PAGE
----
The cause-and-effect runs both ways. Lack of sleep increases your chances of depression and other mental illnesses even if you’re not depressed. In addition, depression causes insomnia and hypersomnia.
Particularly for young adults, there is a strong correlation between insomnia and major depressive disorder. Genes involved in the molecular clock and circadian cycle are known to be involved with bipolar disorder, although nobody exactly knows how.
When scientists examine mice with mutations in the so-called CLOCK gene (important in the circadian cycle), they find the mice act like humans with mania. When the mice are given lithium (a treatment for bipolar disorder), their behavior reverts to normal. So it appears that this important part of the sleep control cycle is tied up with mood and mood disorders.
It was reported in an article by the Journal Sleep, that children with both insomnia and hypersomnia are more likely to be depressed, to be depressed for longer periods of time, and to experience additional problems such as weight loss. Especially at risk of depression and suicide are teens who don’t get enough sleep.
Depression makes achieving quality sleep difficult, and it leads to serious sleep issues and even disorders. The following are some of these sleep disorders.
The description of insomnia is difficulty falling or staying asleep. It is a fairly common problem for Americans. One in three people in the US experience insomnia at some point in their lives.
Why insomnia can lead to depression is easy to imagine. Lying awake at night, unable to sleep and unpleasant thoughts running around in your head is obviously extremely frustrating. Also, as a result, the excessive daytime sleepiness the following day reduces their general quality of life.
Sadly, 83% of depressed individuals display insomnia symptoms and they are ten times more likely to develop depression than people without.
What causes depression or sleep disorders is still not fully understood, but scientists have discovered that a neurochemical has links between the two. Corticotropin-releasing factor (CRF) is a neuropeptide and is found in elevated levels in people with depression and anxiety disorders. It also is found in high levels in many insomniacs. The hypothalamic-pituitary-adrenal (HPA) axis is stimulated perhaps excessively in both depressed people and insomniacs.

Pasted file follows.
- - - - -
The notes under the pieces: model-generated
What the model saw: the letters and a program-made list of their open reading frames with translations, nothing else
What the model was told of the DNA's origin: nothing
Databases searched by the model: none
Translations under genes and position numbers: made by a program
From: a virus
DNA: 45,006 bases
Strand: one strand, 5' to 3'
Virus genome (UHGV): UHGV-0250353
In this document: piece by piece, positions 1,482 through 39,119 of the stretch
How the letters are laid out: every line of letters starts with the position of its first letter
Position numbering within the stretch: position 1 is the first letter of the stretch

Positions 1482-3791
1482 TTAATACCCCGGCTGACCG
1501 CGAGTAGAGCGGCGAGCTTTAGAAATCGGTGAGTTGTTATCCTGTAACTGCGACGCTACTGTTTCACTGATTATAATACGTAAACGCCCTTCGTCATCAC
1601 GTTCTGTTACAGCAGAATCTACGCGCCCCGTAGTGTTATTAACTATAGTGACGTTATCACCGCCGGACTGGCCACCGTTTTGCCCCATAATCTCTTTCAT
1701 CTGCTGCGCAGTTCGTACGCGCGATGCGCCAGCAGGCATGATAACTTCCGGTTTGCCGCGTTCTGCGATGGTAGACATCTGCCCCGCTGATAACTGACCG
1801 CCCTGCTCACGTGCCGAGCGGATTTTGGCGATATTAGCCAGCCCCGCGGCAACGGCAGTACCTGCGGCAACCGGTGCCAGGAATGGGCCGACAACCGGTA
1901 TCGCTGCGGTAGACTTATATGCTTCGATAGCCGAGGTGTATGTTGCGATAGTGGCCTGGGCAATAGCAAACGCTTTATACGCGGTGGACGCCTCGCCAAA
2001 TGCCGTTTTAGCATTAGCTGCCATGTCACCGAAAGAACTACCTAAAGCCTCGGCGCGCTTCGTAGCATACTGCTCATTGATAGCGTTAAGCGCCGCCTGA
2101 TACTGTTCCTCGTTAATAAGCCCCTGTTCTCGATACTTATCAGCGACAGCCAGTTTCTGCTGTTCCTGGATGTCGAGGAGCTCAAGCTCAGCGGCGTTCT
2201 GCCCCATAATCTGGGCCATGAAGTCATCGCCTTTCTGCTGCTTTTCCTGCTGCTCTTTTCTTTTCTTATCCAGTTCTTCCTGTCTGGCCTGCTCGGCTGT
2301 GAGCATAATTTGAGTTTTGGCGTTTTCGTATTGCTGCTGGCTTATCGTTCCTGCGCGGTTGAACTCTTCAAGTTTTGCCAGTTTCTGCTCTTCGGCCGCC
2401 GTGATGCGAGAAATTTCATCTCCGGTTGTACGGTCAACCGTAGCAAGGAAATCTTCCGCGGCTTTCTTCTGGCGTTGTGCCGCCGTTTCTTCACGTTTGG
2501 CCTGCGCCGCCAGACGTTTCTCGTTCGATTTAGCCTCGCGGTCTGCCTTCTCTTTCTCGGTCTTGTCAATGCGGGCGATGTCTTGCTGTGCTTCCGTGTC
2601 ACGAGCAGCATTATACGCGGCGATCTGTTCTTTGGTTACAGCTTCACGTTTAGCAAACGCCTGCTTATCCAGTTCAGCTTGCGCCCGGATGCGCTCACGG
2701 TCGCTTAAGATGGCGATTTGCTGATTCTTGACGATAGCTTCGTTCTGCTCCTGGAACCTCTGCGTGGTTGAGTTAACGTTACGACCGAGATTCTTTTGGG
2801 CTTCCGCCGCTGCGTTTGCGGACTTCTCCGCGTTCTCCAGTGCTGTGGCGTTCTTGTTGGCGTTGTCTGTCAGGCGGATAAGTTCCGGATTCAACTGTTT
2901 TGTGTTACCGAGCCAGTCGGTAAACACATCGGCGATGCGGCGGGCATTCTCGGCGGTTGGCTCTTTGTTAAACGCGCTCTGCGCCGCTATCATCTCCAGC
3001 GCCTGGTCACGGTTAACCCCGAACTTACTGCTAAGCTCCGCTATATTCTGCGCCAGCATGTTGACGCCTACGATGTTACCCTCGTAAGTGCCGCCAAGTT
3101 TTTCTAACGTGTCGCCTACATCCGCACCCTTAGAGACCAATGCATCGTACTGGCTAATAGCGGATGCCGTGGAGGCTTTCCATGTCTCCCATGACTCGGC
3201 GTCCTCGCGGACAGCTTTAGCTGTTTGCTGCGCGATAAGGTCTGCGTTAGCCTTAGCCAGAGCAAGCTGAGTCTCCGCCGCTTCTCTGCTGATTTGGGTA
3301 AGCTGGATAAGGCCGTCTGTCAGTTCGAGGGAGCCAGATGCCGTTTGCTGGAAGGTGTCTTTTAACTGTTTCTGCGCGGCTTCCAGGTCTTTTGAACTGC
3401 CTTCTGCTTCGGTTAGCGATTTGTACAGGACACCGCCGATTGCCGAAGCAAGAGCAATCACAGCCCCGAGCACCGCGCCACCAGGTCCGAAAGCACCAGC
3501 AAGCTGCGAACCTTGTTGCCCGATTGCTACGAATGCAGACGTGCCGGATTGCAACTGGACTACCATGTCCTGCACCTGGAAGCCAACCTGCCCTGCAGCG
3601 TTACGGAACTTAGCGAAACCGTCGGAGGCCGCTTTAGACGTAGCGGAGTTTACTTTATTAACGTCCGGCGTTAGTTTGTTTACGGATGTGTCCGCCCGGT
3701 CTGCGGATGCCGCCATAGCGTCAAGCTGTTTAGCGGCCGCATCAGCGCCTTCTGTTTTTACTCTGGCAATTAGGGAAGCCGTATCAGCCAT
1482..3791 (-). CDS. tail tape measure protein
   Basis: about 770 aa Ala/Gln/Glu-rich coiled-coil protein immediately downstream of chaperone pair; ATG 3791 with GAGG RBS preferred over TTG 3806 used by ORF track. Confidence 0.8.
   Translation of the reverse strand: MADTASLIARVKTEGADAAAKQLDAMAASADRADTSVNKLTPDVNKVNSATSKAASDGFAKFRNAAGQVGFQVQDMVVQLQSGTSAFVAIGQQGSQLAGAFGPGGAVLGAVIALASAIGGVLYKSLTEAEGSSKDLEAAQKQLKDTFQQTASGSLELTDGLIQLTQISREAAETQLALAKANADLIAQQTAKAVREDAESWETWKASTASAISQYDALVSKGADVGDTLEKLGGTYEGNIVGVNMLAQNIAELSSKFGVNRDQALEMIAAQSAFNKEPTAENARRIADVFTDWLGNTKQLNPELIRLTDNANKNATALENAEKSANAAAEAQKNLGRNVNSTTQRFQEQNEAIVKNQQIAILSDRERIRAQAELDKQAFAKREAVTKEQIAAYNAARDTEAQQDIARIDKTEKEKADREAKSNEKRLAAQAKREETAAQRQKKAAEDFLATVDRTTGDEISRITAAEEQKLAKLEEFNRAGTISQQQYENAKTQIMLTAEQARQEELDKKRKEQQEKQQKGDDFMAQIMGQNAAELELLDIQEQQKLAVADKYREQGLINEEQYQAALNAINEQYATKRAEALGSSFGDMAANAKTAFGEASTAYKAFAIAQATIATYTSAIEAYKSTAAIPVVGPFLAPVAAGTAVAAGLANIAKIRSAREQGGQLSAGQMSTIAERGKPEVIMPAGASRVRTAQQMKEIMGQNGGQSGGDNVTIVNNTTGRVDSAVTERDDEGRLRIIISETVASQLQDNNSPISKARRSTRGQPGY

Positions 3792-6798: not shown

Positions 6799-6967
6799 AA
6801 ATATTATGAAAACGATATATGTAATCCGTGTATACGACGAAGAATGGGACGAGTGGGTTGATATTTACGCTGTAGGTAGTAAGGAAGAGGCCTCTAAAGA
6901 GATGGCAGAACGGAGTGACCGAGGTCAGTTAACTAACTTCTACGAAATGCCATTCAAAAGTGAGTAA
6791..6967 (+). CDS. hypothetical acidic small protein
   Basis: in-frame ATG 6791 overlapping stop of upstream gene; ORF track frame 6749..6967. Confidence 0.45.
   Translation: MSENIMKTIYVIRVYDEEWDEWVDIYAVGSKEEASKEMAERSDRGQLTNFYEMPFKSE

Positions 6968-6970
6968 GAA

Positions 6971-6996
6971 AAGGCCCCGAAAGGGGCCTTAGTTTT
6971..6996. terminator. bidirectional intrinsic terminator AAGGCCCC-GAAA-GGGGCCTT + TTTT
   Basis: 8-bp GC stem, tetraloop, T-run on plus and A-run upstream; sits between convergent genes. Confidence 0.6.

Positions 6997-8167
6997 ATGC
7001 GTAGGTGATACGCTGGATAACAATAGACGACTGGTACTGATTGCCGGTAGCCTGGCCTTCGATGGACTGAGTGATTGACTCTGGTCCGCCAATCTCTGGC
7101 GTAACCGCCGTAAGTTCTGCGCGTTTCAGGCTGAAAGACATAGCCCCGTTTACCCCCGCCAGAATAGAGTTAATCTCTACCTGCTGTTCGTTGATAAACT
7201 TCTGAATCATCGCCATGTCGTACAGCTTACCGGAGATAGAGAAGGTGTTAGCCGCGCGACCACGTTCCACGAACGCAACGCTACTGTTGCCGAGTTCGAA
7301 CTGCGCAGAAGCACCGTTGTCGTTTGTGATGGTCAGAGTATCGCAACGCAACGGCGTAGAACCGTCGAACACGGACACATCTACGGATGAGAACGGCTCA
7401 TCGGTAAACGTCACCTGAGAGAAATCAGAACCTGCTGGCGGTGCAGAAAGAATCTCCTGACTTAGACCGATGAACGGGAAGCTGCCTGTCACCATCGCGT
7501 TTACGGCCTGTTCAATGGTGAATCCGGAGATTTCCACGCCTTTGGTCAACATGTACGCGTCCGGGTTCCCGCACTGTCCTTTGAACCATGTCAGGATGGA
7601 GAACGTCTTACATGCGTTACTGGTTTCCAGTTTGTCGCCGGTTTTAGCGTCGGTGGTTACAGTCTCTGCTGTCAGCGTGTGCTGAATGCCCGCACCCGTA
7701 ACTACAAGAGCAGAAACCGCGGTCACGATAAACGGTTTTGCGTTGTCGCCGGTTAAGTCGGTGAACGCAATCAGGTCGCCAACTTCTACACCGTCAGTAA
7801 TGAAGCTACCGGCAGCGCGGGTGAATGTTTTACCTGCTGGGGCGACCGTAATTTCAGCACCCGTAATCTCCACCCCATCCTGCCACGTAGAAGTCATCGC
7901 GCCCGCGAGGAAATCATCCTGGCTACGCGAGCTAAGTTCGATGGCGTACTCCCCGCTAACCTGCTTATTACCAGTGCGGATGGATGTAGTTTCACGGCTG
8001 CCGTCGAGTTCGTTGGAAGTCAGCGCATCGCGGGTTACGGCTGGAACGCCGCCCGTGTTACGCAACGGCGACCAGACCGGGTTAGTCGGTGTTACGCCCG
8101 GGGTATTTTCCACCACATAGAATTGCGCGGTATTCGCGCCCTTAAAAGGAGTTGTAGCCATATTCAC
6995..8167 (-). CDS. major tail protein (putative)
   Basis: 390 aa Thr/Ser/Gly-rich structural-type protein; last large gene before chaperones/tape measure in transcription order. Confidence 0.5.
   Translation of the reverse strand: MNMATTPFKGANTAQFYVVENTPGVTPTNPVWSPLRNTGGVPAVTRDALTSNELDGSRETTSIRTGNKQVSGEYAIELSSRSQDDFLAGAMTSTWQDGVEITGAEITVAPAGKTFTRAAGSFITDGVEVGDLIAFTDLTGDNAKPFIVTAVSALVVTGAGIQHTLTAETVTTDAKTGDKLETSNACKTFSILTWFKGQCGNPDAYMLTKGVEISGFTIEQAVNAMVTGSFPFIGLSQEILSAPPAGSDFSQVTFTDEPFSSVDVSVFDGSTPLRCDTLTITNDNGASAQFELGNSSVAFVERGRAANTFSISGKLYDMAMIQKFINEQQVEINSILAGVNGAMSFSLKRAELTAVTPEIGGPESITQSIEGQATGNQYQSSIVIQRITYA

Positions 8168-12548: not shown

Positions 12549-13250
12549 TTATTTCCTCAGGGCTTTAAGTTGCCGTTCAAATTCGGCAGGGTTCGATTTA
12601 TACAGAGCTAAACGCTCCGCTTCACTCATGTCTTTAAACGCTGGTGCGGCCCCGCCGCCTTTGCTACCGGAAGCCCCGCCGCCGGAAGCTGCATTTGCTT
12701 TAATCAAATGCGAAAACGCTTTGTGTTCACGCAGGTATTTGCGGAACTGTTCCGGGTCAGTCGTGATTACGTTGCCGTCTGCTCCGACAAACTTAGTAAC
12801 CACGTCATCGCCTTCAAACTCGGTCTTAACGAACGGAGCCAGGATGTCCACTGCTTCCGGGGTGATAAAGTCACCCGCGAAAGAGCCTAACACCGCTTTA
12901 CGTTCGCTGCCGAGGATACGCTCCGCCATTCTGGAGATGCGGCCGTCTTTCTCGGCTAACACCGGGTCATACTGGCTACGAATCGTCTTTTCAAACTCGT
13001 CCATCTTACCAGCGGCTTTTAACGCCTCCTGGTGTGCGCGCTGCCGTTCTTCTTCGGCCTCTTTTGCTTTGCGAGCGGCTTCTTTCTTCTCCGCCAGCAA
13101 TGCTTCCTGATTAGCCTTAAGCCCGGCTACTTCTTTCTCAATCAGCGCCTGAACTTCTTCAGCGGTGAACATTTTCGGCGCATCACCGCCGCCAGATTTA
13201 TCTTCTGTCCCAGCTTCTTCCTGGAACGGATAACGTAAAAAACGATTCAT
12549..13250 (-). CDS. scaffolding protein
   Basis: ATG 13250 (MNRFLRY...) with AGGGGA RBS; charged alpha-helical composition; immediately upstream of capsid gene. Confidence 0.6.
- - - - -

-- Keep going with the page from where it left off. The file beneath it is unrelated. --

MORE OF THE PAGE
Basically the opposite of insomnia, hypersomnia is characterized by extreme oversleeping and still not feeling rested afterwards. Hypersomnia is found much more in younger adults with depression versus older ( 40% vs !0%). It is also much more common in women.
Changes in REM Sleep
The impact depression has on sleep is not just a coincidence. EEG tests of depressed patients show they spend less time in slow-wave sleep, shift to REM sleep earlier in the night, have a longer sleep latency and experience sleep maintenance insomnia, which is waking up during the night.
Researchers find the effects on REM sleep to be especially intriguing. REM (rapid eye movement) sleep abnormalities result in brain activity patterns similar to those seen in depression. During REM, parts of the brain exhibit similar electrical activity to that in depressed people, with their first REM session occurring earlier in the night. The worse the depression, the earlier the REM occurs.
In extreme cases the sequence of sleep stages is upset with the first REM period happening before the first deep sleep period. This is very harmful to growth hormone and body’s maintenance because the first deep sleep period is so important.
Scientists have also found that patients with major depressive disorder have high activity in the ventromedial prefrontal cortex (vmPFC) coupled with low activity in dorsolateral prefrontal cortex section of the brain. Scientists are working out the details, but this may provide a clue to why REM activity increases in depressed patients.